The controversial Cyber Intelligence Sharing and Protection Act (CISPA) passed again in the House of Representatives in a 288-127 vote last Thursday.
The bill is intended to protect against cybersecurity threats but has drawn criticism for violating Internet users’ privacy since its inception in 2011.
“In the case of Boston, they were real bombs,” said Rep. Mike McCaul (R-TX) in support of the legislation. “In this case, they’re digital bombs. And these digital bombs are on their way.”
In addition to a majority of the House, CISPA supporters include a number of large technology corporations who spent a great deal of time and money lobbying for passage of the contentious bill. According to "US News & World Report," organizations in favor of CISPA have outspent opposed groups more than 140 times.
Tech giants like IBM, AT&T, and Google have supported CISPA, saying that it will improve public safety by facilitating communication about cyber threats between private companies and the United States government. The law would also shield corporations from legal liability in the event of lawsuits due to breach of privacy agreements.
Conversely, the bill is wildly unpopular with grassroots online organizations like social media website Reddit and user-generated online encyclopedia Wikipedia, which have participated in organized online protests. Civil liberties groups have also lashed out against the act, citing concerns that the law would not require any burden of proof and could essentially void end user privacy agreements in the event of any “perceived threat.”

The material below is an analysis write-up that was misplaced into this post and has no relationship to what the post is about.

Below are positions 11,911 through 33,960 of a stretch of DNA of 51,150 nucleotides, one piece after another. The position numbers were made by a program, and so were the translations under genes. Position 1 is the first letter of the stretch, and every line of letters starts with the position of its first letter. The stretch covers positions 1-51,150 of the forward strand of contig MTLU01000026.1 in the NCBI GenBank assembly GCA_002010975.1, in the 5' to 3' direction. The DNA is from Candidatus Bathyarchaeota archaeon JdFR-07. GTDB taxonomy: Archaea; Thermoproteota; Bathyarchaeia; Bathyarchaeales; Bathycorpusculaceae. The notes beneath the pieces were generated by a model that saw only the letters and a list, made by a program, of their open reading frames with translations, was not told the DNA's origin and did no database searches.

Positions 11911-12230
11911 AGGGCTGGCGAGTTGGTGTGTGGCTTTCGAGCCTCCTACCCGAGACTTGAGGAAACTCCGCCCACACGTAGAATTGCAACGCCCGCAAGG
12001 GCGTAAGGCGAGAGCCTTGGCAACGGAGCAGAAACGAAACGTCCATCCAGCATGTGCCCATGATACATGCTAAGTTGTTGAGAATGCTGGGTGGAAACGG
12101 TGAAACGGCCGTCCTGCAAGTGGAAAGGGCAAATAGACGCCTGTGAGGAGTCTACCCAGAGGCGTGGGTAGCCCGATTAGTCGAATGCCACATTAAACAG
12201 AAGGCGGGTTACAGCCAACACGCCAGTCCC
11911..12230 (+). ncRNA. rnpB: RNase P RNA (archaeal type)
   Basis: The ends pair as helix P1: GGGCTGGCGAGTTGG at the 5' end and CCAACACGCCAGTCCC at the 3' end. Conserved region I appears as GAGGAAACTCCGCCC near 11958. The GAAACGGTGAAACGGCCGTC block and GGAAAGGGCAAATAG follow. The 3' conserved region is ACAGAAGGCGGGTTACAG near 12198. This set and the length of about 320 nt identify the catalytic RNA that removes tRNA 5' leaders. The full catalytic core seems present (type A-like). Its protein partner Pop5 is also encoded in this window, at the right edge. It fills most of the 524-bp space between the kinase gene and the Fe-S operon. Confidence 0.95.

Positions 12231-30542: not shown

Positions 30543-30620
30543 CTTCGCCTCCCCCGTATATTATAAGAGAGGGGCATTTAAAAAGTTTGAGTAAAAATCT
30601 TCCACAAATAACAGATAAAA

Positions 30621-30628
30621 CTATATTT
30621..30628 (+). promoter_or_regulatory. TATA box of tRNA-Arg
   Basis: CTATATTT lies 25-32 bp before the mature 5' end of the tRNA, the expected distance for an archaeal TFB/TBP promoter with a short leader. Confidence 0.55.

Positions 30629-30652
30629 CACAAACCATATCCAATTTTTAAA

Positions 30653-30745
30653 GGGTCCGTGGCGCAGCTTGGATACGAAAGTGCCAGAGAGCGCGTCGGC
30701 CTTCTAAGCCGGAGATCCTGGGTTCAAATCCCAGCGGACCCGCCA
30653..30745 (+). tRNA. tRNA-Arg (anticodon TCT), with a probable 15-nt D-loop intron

“By allowing this information sharing, (CISPA) bypasses due process and requiring a warrant for information,” Harrison Bergeron, sophomore biology major and vice president of the Libertarians at Virginia Tech, said in a statement to the "Collegiate Times."
“Any legislation under the guise of safety and security needs to be scrutinized publically to determine if the freedom we inevitably will lose is worth the sense of added security.”
Some also worry about the potential for “corporate vigilantism” online, as wording in the bill allows large corporations to engage in counter-hacking operations that would be illegal if undertaken by a private individual. Rep. Jim Langevin (D-RI) added a section to the law, limiting corporate actions to their own networks. The effect of the addition remains unclear, however, as some analysts believe exemptions elsewhere in the bill may allow hacking by companies to take place beyond their digital walls.
Hacktivist collective Anonymous called for an Internet blackout earlier in the week to raise awareness about CISPA. The passage of the bill in the House received less scrutiny this year, as major media outlets were devoting time to covering unfolding developments in the Boston marathon bombing.
CISPA is now headed to the Senate, where it died last year. With gun control and immigration reform in the spotlight, senators again seem to have little interest in passing the bill. Obama has threatened to veto the bill if it makes it to his desk without significant revisions that take user privacy into account.